Hepatitis B vaccination

On this page, you can read all about the disease hepatitis B and vaccination against it at Vaccination Point. Are you travelling to a region where you are at risk of infection? Then schedule your appointment at one of our locations on time and travel safely.

What is hepatitis B?

Hepatitis B is a serious liver infection caused by the hepatitis B virus (HBV). The virus attacks the liver and can lead to both acute and chronic liver diseases, such as liver cirrhosis and liver cancer. Hepatitis B is transmitted through sexual relations and through blood. Consider blood transfusion in certain countries, used syringes, non-sterile piercing or tattooing. The disease can also be transmitted from mother to child. Hepatitis B is also more common in some population groups. In the Netherlands, these include immigrants, men who have sex with men and people with alternating sexual contacts. Chronic hepatitis B can lead to liver cirrhosis, liver failure and liver cancer, and can cause death.

Where does it occur?

Hepatitis B occurs worldwide, but the risk of infection varies greatly by region. East and Southeast Asia, sub-Saharan Africa, the Amazon region in South America, southern Europe and the Middle East have an increased risk of infection.

Symptoms and risks

Acute hepatitis B can cause symptoms such as fatigue, decreased appetite, muscle and joint pain, fever, jaundice, and sometimes itching. Usually, however, people do not show any symptoms. In 90-95% of adults, acute hepatitis B heals on its own without treatment, after which they are immune and not contagious. Serious complications are rare.

Chronic hepatitis B occurs in 5-10% of infected individuals, but in newborns and small children it is 90%. This form does not heal by itself and can lead to liver cirrhosis, liver fibrosis and liver cancer. In chronic inactive hepatitis B, the virus remains latent without symptoms, but regular monitoring is important.

The incubation period for acute hepatitis B is 2-5 months. However, many people with hepatitis B have no symptoms and may not know they are infected.

Vaccine series

Three doses

Protection duration


Risk areas


Vaccinating against hepatitis B

Vaccination Point is the place to go for hepatitis B vaccination. The hepatitis B vaccination consists of a series of 3 doses spread over six months. After complete vaccination, you are protected against hepatitis B for life.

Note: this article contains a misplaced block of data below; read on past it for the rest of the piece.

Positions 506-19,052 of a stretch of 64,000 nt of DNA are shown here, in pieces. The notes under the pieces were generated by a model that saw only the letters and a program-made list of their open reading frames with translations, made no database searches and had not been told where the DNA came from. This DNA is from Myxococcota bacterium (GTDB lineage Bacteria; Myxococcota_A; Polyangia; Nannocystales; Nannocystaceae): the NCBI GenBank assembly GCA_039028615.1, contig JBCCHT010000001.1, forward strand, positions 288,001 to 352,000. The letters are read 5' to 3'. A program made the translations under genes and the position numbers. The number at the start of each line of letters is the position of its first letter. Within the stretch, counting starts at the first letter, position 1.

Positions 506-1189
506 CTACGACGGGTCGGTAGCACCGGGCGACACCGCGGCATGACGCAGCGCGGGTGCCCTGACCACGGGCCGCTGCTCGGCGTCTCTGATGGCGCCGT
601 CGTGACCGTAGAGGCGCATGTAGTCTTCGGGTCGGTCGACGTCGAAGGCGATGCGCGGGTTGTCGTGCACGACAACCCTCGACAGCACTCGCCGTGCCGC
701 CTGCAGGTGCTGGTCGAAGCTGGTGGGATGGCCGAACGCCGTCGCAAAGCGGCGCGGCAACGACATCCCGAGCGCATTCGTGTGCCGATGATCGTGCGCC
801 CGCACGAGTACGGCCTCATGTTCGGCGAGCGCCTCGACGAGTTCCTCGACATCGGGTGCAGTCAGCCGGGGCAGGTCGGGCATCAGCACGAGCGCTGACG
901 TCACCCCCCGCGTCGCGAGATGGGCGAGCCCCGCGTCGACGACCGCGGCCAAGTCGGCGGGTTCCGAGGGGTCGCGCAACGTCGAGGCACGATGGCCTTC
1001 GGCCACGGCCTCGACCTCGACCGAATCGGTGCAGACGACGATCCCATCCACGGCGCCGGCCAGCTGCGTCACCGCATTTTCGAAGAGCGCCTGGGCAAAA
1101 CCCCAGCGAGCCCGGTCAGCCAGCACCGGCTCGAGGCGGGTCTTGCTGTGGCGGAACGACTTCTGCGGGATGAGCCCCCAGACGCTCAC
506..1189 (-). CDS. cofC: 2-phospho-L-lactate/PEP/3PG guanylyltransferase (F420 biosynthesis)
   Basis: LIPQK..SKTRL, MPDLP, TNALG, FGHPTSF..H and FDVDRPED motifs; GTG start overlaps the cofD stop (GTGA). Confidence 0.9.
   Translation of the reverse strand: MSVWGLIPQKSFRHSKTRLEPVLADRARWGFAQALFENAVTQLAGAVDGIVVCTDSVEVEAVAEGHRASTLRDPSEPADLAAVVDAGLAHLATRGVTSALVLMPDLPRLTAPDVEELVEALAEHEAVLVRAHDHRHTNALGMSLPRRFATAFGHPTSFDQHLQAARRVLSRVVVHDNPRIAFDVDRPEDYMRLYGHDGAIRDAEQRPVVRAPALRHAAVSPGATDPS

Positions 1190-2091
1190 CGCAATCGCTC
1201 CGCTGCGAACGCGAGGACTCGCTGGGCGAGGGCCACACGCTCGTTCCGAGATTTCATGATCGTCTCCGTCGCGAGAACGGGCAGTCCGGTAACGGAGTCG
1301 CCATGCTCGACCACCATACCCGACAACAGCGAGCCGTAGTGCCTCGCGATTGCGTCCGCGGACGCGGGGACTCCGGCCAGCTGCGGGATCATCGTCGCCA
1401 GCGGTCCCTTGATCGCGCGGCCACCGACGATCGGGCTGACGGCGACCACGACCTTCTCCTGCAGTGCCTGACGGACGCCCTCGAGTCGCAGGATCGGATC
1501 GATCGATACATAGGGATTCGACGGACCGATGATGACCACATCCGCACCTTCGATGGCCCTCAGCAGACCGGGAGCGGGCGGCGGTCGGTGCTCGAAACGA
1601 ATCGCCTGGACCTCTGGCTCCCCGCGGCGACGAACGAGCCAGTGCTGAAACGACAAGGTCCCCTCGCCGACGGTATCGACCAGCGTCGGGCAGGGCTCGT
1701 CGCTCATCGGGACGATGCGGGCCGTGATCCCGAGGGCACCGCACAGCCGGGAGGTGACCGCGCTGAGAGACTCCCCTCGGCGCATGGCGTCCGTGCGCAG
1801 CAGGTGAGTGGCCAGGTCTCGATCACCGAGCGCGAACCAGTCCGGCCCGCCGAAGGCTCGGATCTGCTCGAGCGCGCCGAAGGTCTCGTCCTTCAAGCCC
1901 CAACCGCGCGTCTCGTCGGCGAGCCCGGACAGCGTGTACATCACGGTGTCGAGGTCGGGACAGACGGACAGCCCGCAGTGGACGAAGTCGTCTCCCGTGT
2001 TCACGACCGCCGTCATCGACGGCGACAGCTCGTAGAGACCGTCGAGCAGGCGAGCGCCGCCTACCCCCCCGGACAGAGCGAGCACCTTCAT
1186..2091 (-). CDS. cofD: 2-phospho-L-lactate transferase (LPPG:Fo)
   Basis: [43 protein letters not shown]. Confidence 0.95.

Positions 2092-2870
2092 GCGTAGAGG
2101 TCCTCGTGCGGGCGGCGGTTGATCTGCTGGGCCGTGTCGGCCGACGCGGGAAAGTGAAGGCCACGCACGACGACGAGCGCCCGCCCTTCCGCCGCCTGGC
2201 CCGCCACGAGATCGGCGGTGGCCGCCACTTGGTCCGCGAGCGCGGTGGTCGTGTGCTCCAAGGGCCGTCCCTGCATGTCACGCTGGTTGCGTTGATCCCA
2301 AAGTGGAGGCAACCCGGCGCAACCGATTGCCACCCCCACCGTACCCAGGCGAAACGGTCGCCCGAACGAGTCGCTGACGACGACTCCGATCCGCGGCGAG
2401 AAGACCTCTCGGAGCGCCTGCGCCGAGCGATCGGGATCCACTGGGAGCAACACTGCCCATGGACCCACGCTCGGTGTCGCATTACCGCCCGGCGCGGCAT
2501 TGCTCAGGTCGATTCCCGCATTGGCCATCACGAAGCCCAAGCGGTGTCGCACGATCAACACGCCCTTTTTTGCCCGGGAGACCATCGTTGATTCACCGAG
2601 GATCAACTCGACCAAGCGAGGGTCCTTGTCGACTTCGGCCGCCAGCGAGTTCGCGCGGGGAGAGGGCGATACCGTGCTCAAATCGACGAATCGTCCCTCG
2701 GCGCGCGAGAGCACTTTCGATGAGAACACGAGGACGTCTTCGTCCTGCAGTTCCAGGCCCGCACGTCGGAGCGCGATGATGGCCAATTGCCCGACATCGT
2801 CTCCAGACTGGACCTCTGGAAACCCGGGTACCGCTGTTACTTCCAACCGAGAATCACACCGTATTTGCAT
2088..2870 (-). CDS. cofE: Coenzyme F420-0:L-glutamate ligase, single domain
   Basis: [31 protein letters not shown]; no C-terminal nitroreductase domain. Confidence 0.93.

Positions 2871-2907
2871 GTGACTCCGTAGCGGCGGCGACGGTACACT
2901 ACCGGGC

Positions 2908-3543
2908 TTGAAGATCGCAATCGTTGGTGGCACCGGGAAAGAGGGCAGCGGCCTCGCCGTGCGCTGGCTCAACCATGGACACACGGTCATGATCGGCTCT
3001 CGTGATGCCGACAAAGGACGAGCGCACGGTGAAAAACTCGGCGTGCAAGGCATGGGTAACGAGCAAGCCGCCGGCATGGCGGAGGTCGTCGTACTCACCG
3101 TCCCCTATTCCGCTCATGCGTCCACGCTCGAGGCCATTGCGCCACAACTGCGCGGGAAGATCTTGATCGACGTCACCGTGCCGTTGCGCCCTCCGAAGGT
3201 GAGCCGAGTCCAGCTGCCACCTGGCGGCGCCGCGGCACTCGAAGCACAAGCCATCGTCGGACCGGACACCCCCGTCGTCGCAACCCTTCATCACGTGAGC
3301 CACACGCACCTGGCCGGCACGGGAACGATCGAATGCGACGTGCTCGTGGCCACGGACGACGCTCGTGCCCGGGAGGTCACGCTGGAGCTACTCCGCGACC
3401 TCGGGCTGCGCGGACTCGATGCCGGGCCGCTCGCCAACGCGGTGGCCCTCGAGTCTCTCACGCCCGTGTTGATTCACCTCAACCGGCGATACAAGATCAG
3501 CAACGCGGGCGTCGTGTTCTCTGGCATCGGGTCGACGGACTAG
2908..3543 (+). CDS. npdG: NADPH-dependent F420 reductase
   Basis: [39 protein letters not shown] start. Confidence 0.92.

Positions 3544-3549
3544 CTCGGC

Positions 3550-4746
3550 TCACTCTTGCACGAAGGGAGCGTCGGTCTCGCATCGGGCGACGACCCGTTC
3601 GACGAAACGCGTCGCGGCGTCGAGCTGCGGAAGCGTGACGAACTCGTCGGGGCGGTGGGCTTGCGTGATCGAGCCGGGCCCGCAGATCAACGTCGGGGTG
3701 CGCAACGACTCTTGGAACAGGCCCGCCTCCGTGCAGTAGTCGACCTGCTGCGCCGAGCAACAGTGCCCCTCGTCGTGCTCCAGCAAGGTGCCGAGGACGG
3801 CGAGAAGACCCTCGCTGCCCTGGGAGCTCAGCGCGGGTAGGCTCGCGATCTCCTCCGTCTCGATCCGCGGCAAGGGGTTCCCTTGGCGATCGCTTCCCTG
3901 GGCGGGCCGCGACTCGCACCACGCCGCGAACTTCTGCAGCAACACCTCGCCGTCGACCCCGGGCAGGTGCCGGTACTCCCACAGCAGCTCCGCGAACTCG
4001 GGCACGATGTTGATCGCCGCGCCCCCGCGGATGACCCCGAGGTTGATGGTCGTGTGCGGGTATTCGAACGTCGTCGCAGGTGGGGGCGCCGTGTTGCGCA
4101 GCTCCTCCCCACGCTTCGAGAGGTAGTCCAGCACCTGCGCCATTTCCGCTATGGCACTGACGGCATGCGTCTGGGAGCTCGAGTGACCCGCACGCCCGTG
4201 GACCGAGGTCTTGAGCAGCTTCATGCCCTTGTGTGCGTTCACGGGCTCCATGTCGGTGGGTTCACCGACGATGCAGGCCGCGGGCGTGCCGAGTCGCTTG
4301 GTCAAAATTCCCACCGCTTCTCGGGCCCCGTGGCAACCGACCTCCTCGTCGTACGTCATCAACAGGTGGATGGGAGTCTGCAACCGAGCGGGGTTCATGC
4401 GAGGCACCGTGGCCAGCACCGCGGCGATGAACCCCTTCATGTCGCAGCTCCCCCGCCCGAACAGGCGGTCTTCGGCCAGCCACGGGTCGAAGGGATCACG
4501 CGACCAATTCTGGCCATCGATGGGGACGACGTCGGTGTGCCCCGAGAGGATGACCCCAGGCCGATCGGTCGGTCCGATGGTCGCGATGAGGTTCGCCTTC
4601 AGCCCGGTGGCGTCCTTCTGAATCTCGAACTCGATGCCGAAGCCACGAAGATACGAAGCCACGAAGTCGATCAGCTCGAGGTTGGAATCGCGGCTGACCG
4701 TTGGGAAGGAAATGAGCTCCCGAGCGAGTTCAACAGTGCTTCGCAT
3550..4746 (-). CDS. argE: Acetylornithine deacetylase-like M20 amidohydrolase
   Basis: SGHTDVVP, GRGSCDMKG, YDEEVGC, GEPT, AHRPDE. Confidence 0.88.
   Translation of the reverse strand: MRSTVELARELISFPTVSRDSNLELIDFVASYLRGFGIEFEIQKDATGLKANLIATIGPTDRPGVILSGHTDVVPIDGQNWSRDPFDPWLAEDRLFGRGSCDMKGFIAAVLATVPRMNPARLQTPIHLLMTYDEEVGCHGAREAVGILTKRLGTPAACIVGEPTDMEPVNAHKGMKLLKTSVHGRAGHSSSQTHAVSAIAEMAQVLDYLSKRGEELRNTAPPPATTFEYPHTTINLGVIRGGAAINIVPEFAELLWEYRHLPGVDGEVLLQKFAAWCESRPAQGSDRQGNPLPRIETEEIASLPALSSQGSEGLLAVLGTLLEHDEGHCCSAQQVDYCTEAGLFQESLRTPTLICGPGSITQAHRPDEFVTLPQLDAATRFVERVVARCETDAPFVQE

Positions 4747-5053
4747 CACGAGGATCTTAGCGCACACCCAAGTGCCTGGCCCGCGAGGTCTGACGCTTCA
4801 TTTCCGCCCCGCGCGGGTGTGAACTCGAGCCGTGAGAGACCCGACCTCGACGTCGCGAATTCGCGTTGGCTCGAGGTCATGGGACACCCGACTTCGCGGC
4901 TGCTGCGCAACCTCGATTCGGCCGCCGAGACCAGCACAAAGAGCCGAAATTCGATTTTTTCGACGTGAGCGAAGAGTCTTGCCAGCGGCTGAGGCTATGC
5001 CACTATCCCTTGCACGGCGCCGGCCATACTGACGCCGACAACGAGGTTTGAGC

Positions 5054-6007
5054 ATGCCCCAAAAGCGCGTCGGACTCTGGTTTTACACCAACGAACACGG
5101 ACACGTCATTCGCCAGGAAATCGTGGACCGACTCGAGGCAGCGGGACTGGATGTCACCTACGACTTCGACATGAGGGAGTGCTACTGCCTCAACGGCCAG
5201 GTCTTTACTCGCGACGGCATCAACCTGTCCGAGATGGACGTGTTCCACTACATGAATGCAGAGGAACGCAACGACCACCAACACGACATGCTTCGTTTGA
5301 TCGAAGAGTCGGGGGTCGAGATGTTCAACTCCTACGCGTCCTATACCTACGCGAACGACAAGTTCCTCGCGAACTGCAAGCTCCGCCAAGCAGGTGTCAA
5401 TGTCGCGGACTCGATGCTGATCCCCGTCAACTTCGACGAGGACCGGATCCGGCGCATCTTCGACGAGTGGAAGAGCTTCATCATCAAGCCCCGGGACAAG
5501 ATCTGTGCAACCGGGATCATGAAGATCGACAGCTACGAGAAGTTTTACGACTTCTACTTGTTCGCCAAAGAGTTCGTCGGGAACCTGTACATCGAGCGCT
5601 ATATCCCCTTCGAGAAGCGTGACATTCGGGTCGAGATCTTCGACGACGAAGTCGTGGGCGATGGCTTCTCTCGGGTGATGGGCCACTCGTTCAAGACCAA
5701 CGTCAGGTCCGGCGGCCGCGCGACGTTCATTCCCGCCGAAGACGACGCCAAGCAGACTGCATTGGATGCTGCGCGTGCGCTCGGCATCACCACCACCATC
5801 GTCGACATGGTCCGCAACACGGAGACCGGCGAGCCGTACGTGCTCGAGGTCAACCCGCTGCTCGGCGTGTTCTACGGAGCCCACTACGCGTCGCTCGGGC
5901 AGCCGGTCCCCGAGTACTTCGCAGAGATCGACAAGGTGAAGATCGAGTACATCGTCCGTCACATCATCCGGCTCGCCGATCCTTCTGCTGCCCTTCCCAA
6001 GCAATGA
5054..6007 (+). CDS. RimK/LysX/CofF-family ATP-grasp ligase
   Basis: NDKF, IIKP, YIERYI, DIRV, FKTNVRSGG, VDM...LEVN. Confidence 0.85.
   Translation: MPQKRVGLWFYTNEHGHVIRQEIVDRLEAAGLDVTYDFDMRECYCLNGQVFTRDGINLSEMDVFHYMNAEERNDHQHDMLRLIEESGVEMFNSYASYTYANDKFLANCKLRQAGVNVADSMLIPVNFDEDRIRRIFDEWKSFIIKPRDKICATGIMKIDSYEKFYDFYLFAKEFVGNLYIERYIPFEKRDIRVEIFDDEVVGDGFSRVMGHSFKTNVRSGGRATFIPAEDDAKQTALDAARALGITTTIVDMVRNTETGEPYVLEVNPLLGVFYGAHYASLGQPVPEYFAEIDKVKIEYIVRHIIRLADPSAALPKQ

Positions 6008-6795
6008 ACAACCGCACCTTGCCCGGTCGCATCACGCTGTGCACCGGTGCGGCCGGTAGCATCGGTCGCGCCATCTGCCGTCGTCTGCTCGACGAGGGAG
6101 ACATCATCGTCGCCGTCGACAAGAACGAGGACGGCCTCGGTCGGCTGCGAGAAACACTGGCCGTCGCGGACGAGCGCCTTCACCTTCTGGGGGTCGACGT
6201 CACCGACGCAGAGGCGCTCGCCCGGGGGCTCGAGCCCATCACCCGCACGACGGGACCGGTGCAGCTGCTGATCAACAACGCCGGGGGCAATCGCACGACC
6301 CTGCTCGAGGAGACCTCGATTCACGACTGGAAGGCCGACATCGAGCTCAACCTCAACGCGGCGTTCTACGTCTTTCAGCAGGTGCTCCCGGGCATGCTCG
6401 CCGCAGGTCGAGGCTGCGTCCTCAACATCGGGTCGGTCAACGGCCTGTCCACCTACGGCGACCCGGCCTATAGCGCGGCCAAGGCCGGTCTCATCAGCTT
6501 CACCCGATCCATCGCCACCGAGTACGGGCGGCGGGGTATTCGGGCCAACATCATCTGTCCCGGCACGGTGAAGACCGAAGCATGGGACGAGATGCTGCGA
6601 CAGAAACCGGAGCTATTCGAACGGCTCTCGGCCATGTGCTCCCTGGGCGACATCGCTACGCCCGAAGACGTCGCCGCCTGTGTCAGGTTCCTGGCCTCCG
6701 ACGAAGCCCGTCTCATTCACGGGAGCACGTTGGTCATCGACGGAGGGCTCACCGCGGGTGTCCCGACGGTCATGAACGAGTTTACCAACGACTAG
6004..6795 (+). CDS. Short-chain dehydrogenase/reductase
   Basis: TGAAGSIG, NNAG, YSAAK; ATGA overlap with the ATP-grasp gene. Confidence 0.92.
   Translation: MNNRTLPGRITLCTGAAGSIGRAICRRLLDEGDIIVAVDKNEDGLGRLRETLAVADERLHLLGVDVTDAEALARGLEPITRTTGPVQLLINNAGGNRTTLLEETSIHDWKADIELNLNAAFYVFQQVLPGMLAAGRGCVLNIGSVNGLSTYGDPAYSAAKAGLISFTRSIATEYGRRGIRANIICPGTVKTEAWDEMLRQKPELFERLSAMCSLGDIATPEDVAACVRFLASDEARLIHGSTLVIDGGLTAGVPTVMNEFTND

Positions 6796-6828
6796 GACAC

Vaccination against hepatitis B is never mandatory, but is recommended in high-risk areas.

Combination vaccine
For some travellers, both hepatitis A and hepatitis B vaccination are recommended. For this, there is the combination vaccine. This is given in a series of three doses over six months.

Did you know that in addition to hepatitis A as well as hepatitis B, HPV is also a sexually transmitted infection that can be prevented by vaccination? Read here All about the HPV vaccination at Vaccination Point!

Costs and fees

For the current cost of hepatitis B vaccination vaccination, please take a look at the rates page. Please note! These amounts do not include (telephone) consultation fees. Depending on your health insurance, (part of) the vaccination may be reimbursed. See our fees page for possible reimbursement through your insurance.

Make an appointment immediately!

Want to make an appointment for hepatitis B vaccination? You can easily do so at a Vaccination Point location near you! Schedule your appointment now and travel safely. For more information or a consultation, you can also contact us.

Still have questions?

Do you still have questions about vaccinations at Vaccinatiepunt? Then take a look at the frequently asked questions below!

You can always check our website first for each destination. Then you can make an make an appointment. Our team will process your application; if it turns out that you do not need vaccinations, the appointment will be cancelled.

Ultimately, you decide for yourself. Vaccination Point can only advise which vaccinations are necessary for your trip or which vaccinations are recommended.

This is certainly possible. Almost all vaccinations can be given at the same time. With live attenuated vaccines, however, it is not recommended to take them at the same time, as this can significantly reduce the duration of protection of a vaccine. It is then recommended to leave at least four weeks between the two vaccines so that both maintain their full protection duration.

Some vaccinations require multiple doses at intervals of several weeks or months, so it is advisable to start arranging your vaccinations as early as possible. This will also give your immune system time to build up adequate protection. The timing depends on the nature and duration of your trip. As a guideline: for simple trips, make an appointment for the first consultation 4 - 8 weeks before departure, and for long-term or high-risk trips, more than six months in advance.

This question will be answered by the nurse during the consultation. You would do well to ask your treating doctor/specialist early on whether there are any objections from his/her side to your planned trip.